Vitol announces launch of global bunkering service
Photo courtesy of Vitol

Vitol announces launch of global bunkering service

Vitol, an energy and commodities company headquartered in Geneva, Switzerland, announced the launch of a global bunkering service called Vitol Bunkers.

Vitol Bunkers will offer ship and fleet owners worldwide access to high quality marine fuels, blended to meet required specifications. Customers will benefit from Vitol’s global reach, infrastructure and commensurate supply capabilities.

“Vitol has for decades been a leading global trader in bunker fuels. Today, we are excited to be extending our services and we look forward to delivering the highest quality marine fuels to new and existing customers, across key locations,” said Vitol Global Bunkering Account Manager Chris Young.

Vitol combines many years of experience trading bunker fuels with its shipping expertise: it charters 6,650 ship voyages a year and has over 250 vessels at sea transporting its cargoes at any one time. Vitol manages its own fleet of vessels through its Latvian-based technical management company, LSC, as well as through a Singapore-flagged fleet offering barging services.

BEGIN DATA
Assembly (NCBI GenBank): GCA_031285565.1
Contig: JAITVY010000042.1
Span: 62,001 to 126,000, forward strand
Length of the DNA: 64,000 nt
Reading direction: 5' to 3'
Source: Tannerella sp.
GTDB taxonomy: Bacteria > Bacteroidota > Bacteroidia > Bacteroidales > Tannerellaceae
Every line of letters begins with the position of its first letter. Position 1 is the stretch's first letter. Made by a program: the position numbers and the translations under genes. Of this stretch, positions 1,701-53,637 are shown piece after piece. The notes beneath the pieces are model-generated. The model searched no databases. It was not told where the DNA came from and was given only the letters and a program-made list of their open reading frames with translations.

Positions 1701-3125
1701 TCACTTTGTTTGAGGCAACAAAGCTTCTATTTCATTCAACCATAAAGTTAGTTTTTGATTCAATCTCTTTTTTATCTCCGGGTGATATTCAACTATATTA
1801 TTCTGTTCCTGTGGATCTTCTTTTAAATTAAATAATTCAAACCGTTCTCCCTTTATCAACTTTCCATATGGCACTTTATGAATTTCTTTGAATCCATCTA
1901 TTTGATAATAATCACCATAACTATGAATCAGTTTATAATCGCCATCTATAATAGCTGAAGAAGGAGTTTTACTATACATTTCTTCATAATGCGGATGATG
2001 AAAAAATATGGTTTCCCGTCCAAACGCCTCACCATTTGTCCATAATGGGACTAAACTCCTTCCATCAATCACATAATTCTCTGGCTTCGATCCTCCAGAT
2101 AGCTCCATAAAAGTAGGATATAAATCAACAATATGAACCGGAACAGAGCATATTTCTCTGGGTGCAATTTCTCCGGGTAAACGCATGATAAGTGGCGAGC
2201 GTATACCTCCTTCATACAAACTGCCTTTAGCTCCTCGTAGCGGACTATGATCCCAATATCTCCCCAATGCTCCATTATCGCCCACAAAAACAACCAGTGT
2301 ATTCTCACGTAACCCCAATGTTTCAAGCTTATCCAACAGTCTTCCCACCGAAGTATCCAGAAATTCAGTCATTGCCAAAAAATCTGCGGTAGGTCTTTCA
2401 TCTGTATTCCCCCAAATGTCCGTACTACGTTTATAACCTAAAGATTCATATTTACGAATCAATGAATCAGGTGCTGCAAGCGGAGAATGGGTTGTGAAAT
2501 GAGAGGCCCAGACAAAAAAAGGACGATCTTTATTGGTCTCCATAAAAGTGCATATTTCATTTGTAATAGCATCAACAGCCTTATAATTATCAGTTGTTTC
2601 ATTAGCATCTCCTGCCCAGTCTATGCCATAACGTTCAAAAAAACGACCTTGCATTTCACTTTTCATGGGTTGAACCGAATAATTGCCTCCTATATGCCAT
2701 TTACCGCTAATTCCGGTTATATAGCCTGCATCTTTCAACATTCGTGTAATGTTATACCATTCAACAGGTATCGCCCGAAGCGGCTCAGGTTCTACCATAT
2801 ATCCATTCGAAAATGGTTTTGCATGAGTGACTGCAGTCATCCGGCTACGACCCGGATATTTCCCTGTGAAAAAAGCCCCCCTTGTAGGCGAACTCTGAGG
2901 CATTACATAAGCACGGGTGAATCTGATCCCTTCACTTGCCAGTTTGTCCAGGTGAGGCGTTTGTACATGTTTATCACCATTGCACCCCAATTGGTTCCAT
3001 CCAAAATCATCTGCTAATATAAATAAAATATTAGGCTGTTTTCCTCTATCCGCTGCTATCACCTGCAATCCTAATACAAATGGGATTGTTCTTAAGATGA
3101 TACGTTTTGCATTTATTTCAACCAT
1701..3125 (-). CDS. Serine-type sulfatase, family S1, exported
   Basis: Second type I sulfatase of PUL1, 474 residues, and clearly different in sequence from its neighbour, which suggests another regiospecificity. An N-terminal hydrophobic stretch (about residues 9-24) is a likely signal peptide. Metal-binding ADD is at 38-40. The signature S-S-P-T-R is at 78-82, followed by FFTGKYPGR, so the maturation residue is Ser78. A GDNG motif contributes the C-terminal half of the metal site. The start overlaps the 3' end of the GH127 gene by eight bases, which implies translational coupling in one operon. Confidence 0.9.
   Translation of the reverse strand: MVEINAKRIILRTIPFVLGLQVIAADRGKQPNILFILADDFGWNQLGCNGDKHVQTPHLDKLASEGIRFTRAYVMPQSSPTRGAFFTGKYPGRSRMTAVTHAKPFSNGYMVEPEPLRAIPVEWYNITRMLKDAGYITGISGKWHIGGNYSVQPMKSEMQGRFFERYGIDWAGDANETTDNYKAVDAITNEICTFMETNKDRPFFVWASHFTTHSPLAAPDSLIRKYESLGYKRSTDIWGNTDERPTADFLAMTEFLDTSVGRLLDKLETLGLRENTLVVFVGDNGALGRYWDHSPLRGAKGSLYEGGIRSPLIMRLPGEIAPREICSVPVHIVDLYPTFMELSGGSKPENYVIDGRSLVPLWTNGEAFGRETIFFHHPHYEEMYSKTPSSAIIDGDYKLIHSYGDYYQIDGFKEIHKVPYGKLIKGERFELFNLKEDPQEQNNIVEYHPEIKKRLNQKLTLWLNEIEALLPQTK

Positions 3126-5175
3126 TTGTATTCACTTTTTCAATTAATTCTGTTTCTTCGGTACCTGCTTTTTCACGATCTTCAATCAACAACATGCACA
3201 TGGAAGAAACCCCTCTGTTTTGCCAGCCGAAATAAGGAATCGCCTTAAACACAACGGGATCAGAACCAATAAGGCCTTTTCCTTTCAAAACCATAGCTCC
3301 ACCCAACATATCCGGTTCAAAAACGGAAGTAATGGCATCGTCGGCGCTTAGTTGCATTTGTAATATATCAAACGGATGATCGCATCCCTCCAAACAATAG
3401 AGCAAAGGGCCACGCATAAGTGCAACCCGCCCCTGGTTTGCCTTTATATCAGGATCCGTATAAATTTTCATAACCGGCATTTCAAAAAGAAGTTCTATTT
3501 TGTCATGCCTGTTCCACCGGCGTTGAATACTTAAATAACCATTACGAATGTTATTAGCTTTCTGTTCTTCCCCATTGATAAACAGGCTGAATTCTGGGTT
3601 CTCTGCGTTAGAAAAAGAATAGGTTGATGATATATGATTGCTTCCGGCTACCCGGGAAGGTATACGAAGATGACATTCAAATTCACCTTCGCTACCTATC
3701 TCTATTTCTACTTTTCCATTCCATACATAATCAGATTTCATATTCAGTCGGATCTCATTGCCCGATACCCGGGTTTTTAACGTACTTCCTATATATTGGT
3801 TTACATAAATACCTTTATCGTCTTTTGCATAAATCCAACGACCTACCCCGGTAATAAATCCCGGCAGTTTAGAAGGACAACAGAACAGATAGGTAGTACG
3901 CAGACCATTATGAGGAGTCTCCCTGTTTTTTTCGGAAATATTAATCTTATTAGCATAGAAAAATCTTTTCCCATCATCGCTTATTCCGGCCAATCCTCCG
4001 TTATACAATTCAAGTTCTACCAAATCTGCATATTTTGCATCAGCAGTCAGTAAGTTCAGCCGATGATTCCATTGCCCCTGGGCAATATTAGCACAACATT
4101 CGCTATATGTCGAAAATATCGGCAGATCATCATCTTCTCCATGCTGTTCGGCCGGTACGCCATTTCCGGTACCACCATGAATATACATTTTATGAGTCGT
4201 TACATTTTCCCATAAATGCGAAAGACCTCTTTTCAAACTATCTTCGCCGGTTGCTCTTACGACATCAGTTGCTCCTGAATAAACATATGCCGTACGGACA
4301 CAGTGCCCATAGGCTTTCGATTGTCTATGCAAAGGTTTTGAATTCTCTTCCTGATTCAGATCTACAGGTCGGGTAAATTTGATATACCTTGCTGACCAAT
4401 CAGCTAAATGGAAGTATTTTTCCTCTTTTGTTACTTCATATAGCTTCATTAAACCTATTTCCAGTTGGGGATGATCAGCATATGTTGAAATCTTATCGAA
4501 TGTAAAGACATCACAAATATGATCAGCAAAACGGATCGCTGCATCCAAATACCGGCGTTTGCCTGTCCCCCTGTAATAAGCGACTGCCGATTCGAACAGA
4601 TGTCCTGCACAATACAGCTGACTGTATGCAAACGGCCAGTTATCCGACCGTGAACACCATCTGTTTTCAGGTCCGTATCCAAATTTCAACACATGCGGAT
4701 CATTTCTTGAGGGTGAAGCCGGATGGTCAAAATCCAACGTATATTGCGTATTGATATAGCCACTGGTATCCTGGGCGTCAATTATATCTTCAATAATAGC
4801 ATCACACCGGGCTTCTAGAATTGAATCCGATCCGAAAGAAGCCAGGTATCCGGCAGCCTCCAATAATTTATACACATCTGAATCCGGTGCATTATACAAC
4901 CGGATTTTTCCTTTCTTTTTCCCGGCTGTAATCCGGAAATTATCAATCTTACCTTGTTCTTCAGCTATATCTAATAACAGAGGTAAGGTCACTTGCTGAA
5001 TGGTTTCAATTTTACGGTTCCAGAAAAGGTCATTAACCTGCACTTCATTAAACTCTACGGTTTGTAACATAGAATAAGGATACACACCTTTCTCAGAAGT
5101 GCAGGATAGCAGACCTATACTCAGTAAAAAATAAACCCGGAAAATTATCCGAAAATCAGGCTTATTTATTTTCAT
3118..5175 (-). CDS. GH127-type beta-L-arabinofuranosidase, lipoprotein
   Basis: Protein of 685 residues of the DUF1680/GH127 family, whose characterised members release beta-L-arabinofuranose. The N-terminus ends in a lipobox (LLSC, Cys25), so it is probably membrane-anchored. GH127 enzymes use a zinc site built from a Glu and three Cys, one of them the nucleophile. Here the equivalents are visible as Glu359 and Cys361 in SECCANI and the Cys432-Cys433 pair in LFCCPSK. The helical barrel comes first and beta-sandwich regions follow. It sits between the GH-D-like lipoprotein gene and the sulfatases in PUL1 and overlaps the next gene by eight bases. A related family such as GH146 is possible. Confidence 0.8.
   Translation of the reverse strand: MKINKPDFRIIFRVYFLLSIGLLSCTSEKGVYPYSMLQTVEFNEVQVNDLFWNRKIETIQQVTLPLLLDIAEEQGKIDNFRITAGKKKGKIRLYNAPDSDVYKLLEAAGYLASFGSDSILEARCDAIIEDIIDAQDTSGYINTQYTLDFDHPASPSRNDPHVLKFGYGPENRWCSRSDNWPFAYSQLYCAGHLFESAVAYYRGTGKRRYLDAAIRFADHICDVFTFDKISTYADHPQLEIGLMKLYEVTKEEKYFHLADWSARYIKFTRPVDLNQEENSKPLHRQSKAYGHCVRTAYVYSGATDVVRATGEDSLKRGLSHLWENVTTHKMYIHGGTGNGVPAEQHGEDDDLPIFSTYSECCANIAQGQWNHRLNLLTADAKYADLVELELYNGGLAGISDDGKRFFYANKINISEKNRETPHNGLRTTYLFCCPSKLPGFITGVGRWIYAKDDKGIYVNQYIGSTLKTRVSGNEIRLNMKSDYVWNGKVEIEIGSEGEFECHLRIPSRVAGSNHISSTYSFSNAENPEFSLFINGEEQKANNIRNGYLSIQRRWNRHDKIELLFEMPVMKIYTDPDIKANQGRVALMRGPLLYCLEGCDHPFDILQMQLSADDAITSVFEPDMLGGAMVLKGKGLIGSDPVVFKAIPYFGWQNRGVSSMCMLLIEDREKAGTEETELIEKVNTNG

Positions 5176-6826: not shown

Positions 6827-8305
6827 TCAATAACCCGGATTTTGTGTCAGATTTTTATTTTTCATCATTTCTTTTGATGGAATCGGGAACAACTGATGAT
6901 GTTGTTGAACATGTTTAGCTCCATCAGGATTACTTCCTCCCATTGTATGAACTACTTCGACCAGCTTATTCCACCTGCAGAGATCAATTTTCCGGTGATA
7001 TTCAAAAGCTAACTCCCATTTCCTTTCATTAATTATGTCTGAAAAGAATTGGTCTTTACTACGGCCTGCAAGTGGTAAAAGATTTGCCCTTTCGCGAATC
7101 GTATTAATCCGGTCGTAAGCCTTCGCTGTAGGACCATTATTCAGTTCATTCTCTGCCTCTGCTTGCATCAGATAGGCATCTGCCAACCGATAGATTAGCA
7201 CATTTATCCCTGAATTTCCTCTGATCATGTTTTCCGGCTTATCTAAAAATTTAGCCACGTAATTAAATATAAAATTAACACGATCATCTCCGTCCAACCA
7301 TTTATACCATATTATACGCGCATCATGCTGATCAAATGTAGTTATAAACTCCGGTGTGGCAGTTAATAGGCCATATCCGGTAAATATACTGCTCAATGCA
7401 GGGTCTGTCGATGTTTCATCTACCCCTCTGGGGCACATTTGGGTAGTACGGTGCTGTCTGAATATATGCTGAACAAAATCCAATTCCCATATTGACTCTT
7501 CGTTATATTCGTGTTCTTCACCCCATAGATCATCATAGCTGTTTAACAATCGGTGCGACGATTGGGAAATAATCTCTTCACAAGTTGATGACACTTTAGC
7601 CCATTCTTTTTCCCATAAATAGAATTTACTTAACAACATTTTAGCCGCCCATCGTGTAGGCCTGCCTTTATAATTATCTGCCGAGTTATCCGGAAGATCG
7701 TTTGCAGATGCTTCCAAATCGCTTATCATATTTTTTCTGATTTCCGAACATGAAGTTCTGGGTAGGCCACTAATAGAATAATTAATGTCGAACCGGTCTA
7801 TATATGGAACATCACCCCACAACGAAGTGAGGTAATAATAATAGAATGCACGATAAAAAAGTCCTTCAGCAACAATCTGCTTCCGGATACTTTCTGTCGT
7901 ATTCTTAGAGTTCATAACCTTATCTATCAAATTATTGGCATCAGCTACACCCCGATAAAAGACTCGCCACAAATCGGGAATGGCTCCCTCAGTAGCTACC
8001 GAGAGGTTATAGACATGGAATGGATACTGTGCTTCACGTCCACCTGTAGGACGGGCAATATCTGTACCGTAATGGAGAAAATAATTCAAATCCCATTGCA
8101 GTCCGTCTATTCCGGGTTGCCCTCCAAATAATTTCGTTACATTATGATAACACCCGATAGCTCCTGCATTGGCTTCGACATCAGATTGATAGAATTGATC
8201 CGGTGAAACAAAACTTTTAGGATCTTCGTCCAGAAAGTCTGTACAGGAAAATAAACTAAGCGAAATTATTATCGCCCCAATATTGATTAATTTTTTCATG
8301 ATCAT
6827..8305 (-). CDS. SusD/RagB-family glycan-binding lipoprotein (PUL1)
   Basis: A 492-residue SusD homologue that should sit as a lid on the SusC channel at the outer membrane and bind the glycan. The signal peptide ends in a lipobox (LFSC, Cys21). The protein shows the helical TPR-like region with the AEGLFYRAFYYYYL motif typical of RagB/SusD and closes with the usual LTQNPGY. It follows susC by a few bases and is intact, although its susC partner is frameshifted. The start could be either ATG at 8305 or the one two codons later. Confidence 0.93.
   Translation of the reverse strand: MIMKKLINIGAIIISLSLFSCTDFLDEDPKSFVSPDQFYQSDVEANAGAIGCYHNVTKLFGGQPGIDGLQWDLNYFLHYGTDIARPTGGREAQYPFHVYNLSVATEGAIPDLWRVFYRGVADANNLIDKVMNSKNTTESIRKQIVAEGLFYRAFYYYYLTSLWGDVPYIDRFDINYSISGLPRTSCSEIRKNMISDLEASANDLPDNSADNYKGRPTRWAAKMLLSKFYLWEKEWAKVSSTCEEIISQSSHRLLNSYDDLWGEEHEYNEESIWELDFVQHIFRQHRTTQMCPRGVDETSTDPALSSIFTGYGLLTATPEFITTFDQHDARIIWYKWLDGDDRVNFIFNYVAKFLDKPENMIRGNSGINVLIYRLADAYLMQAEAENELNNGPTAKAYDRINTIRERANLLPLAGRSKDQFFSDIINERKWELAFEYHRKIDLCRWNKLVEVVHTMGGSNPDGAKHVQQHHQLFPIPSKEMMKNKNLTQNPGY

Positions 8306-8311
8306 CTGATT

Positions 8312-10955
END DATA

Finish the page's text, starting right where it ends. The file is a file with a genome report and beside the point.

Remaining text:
In 2012, Vitol acquired 50% of Cockett Group, an independent specialist marine fuel service, whose operational headquarters is based in Dubai, with 14 offices and 600 service points across five continents. Cockett Group is an international leader and acknowledged value-added reseller of marine fuels, lubricants and petroleum products, with an annual revenue in excess of USD1.5 billion. 

Vitol’s clients include national oil companies, multinationals, leading industrial and chemical companies and the world’s largest airlines. Founded in Rotterdam in 1966, today Vitol serves clients from some 40 offices worldwide and is invested in energy assets globally including: circa 16mm3 of storage globally, 480kbpd of refining capacity and 7,000  service stations across Africa, Australia, Brazil, Eurasia and in Northwest Europe. Revenues in 2020 were USD140 billion, down 37% from 2019 revenues of USD225 billion.

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